Jon Snow accomplished a lot in Game of Thrones season 6, going from corpse to King in the North in 10 short episodes. But not everyone was satisfied by the conclusion to the epic “Is Jon Snow dead/will he stay that way?” storyline that dominated the off-season between seasons 5 and 6. Kit Harington was one of them, at least at first.
In the end, the surprise of his resurrection was in how rote it was: the red witch Melisandre brought Jon back with magic and he returned as the same honorable-to-a-fault bastard. Like the fans, Harington wondered during his “exile” what form Jon’s return would take.
“I did—but at the same time, you don’t get the scripts until about two weeks before you start shooting the new season. I knew I was coming back to life, but I didn’t know if I’d come back as a changed person, as a villain. So I couldn’t pre-plan anything, which was hard.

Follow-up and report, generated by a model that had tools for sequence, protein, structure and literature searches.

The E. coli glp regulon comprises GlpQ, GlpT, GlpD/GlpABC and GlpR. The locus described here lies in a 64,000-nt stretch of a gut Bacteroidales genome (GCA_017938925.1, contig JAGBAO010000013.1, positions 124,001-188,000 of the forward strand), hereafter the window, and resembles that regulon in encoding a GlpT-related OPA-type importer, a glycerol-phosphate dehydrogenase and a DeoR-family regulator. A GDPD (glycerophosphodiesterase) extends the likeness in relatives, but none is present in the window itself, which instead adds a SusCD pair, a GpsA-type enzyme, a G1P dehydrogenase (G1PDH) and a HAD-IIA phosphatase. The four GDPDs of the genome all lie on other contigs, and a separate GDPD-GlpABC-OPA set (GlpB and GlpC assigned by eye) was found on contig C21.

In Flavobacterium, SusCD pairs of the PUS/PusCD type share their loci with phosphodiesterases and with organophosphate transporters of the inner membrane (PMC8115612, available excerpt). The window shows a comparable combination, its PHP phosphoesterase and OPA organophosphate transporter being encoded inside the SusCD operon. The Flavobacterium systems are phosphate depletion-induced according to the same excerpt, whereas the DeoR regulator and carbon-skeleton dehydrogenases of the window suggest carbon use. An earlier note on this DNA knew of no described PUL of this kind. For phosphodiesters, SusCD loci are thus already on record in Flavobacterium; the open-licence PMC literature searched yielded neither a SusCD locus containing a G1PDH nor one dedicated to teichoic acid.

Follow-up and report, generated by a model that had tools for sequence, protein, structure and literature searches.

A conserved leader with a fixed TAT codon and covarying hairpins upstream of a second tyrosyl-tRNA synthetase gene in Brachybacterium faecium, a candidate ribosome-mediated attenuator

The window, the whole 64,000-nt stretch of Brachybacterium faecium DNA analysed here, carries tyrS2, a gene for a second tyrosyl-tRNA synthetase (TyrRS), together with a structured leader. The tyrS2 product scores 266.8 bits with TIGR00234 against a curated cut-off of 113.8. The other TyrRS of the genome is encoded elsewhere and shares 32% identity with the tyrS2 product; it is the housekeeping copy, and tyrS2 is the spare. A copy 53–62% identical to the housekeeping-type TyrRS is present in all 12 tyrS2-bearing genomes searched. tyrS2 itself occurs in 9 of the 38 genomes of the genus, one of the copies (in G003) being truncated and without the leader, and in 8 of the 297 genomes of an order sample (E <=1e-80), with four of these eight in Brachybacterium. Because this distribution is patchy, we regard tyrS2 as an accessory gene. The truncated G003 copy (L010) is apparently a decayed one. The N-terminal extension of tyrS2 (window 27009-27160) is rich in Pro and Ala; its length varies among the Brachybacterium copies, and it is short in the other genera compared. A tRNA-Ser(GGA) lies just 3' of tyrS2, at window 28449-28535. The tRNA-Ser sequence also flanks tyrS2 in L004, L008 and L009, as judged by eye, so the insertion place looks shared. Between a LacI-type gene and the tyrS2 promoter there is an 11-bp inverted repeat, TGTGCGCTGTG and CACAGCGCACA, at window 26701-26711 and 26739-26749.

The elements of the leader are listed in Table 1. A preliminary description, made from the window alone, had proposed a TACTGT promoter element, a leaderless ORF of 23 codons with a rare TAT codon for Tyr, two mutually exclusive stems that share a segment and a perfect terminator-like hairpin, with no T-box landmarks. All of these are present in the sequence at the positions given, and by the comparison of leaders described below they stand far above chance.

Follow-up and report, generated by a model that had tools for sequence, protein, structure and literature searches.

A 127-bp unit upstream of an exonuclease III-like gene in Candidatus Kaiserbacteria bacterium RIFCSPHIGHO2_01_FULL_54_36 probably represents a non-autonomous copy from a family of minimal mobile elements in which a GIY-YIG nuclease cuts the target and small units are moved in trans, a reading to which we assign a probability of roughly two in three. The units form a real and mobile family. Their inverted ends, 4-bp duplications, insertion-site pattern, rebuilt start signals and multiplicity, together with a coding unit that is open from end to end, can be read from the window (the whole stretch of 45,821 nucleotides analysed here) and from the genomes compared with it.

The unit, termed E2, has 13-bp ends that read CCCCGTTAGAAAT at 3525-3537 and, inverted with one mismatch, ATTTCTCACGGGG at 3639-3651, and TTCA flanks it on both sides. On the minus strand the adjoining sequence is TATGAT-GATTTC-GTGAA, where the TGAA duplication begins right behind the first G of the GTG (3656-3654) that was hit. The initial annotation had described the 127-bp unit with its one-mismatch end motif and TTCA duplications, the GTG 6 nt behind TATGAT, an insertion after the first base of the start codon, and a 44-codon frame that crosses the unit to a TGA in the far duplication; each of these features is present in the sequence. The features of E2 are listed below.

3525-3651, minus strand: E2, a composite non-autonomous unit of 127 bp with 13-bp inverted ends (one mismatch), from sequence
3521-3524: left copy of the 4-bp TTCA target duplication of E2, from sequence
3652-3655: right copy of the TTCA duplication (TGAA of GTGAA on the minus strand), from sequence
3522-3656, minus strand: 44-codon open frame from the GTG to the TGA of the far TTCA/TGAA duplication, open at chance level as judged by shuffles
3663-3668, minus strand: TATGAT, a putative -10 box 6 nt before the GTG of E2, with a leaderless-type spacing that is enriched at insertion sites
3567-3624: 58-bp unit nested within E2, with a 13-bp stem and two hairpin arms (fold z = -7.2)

And then I got the scripts, and actually, he comes back as himself, as the Jon that everyone knows. Which at first I found disappointing. But it’s more subtle than that. He has an insight into what lies beyond that very few people in his world do, and that no one in our world does—he knows that there’s no afterlife. Which does quietly drive who he is and what he wants to do.”
As he said, the writers deliberately choose not to go flashy with Jon’s resurrection, either the before or after, and instead focus on the effect on the characters involved, like Davos, Melisandre and Jon himself. It’s an internal exploration played more in the background or on the actors’ faces than in the story itself.
For more about Harington’s season 6 experience, like how terrifying it is to doze off on set and wake up “in the middle of Game of Thrones world” and his thoughts on the reveal of Jon’s parentage (R+L=J) check out the full interview linked below. Game of Thrones penultimate, seven-episode Season 7 is written, with filming set to begin shortly and a premiere date of next summer (likely June).